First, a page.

TIA

Friday, December 21, 2012

A transient ischemic attack is when blood flow to a part of the brain stops for a brief period of time. Dr. Edward Hill explains more about TIAs in todays 60 Second Housecall.

Dr. Hill:

A transient ischemic attack, or TIA, happens when a blood vessel called an artery becomes blocked. This causes less blood to get to your brain. It is sometimes called a mini stroke.

The difference between TIA and stroke is that in TIA, the artery doesnt stay blocked and the blood starts to flow again. In a stroke, the artery stays blocked and parts of the brain die.

The symptoms of TIA come on suddenly and go away on their own. Common symptoms include weakness on one side of your body, problems speaking or walking, and blindness in one eye.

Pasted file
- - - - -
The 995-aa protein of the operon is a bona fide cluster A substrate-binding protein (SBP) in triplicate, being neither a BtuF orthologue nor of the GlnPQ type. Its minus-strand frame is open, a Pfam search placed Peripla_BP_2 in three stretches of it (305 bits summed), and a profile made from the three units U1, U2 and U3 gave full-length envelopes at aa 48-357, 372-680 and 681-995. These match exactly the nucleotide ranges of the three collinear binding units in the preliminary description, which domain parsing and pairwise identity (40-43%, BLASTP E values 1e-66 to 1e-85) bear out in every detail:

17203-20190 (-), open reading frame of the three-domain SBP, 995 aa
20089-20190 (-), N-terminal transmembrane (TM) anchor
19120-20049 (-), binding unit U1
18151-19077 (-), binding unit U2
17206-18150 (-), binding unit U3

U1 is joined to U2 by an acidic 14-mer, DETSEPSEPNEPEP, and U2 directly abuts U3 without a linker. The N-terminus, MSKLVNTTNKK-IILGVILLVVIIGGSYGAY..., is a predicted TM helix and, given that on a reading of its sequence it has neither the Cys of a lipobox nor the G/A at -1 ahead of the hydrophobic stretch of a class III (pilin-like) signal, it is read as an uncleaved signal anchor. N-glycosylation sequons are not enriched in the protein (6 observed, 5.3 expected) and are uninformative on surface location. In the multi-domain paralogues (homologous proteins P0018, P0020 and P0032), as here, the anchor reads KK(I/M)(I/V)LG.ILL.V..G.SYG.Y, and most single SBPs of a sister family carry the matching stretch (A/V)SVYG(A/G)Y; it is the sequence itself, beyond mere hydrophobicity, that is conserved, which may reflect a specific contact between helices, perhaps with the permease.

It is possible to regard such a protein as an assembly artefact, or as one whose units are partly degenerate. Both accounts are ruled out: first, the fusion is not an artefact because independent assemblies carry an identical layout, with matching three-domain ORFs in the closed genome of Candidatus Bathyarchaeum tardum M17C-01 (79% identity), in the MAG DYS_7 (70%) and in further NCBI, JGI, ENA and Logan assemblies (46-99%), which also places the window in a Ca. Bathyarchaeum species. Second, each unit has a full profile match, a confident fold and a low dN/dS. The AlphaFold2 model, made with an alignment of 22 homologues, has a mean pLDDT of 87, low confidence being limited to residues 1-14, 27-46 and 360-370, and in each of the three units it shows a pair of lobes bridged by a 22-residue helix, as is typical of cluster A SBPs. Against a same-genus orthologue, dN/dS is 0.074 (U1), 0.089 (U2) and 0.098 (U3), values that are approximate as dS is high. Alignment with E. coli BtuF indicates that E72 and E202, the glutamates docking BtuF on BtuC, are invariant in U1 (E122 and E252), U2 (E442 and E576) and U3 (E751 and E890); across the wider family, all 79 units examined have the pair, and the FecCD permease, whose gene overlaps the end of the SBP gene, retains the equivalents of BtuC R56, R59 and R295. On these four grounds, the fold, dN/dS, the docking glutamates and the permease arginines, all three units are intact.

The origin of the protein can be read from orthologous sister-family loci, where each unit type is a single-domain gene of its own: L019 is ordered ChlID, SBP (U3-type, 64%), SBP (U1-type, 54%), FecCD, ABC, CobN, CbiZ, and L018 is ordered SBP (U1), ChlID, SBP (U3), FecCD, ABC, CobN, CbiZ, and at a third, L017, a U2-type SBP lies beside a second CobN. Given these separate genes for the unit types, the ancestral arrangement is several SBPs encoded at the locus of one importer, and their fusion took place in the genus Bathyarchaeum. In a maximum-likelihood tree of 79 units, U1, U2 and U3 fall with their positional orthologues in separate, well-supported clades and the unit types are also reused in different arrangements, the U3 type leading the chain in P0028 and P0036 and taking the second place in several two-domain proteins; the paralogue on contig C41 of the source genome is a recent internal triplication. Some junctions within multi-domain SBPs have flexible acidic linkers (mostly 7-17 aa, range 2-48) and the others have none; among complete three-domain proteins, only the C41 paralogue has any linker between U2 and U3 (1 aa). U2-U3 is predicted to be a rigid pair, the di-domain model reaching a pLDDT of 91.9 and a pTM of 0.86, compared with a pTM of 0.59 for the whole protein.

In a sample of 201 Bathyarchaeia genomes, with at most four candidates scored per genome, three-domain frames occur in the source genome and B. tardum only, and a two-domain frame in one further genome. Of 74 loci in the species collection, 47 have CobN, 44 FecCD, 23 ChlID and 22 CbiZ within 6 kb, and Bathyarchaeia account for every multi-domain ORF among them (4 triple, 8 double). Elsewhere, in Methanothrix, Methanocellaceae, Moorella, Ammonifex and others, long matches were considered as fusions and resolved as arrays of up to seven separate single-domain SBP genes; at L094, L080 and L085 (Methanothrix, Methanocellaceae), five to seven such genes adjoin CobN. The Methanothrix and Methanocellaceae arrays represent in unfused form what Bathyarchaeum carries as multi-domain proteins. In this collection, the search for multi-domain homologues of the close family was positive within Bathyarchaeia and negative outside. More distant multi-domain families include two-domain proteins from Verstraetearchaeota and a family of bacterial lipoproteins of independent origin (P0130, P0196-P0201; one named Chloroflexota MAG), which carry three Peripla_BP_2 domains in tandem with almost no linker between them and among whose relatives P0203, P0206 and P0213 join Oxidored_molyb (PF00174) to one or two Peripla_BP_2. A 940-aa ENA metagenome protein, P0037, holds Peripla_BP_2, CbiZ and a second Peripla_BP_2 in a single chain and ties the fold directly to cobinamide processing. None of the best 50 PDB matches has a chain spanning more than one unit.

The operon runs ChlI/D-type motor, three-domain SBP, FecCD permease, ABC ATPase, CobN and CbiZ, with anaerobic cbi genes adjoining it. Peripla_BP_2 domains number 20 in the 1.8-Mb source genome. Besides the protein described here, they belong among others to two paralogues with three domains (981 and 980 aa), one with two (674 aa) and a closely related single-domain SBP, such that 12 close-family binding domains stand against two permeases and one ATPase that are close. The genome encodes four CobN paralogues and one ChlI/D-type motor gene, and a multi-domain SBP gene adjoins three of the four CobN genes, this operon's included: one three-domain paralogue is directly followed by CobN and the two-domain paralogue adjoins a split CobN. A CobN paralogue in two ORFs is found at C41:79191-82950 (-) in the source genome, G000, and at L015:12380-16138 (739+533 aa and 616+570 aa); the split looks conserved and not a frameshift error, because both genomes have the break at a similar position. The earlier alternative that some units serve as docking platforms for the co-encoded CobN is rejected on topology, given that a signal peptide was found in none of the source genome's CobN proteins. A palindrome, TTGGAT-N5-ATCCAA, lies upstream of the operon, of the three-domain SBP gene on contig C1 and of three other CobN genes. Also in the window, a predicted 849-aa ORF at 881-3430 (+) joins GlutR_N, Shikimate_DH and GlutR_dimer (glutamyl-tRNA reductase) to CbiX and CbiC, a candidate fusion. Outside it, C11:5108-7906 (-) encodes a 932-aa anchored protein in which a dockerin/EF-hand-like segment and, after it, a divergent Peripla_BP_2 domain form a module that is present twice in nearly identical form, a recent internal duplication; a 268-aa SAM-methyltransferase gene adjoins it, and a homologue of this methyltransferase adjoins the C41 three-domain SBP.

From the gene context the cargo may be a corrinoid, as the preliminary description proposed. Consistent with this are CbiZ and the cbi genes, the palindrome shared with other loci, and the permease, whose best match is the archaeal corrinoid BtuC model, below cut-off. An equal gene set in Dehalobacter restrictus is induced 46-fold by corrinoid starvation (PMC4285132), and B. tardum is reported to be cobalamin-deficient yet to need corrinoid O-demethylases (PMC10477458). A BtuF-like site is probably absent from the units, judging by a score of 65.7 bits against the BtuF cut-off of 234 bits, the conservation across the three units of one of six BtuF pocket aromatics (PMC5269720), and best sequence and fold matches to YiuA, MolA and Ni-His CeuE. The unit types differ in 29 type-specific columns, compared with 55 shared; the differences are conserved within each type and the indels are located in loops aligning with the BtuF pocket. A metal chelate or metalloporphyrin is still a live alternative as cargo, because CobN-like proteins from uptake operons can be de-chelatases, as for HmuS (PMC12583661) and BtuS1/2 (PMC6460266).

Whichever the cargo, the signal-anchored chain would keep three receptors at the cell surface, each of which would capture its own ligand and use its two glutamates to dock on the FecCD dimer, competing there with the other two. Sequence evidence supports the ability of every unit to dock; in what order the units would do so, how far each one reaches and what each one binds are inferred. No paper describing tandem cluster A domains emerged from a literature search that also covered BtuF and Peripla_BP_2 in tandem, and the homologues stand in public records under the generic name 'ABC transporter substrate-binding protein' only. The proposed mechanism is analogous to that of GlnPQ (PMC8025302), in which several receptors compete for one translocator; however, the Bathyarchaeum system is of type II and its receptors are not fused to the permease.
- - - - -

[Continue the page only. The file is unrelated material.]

Anyone can have a TIA, but some people have risk factors that make it more likely. Risk factors include diabetes, high blood pressure, high cholesterol, obesity and smoking.

If you are having symptoms of a TIA, you should get medical attention right away. It is important to find out whether you are having a TIA or a stroke because the symptoms are the same.

For North Mississippi Medical Center, Im Dr. Edward Hill.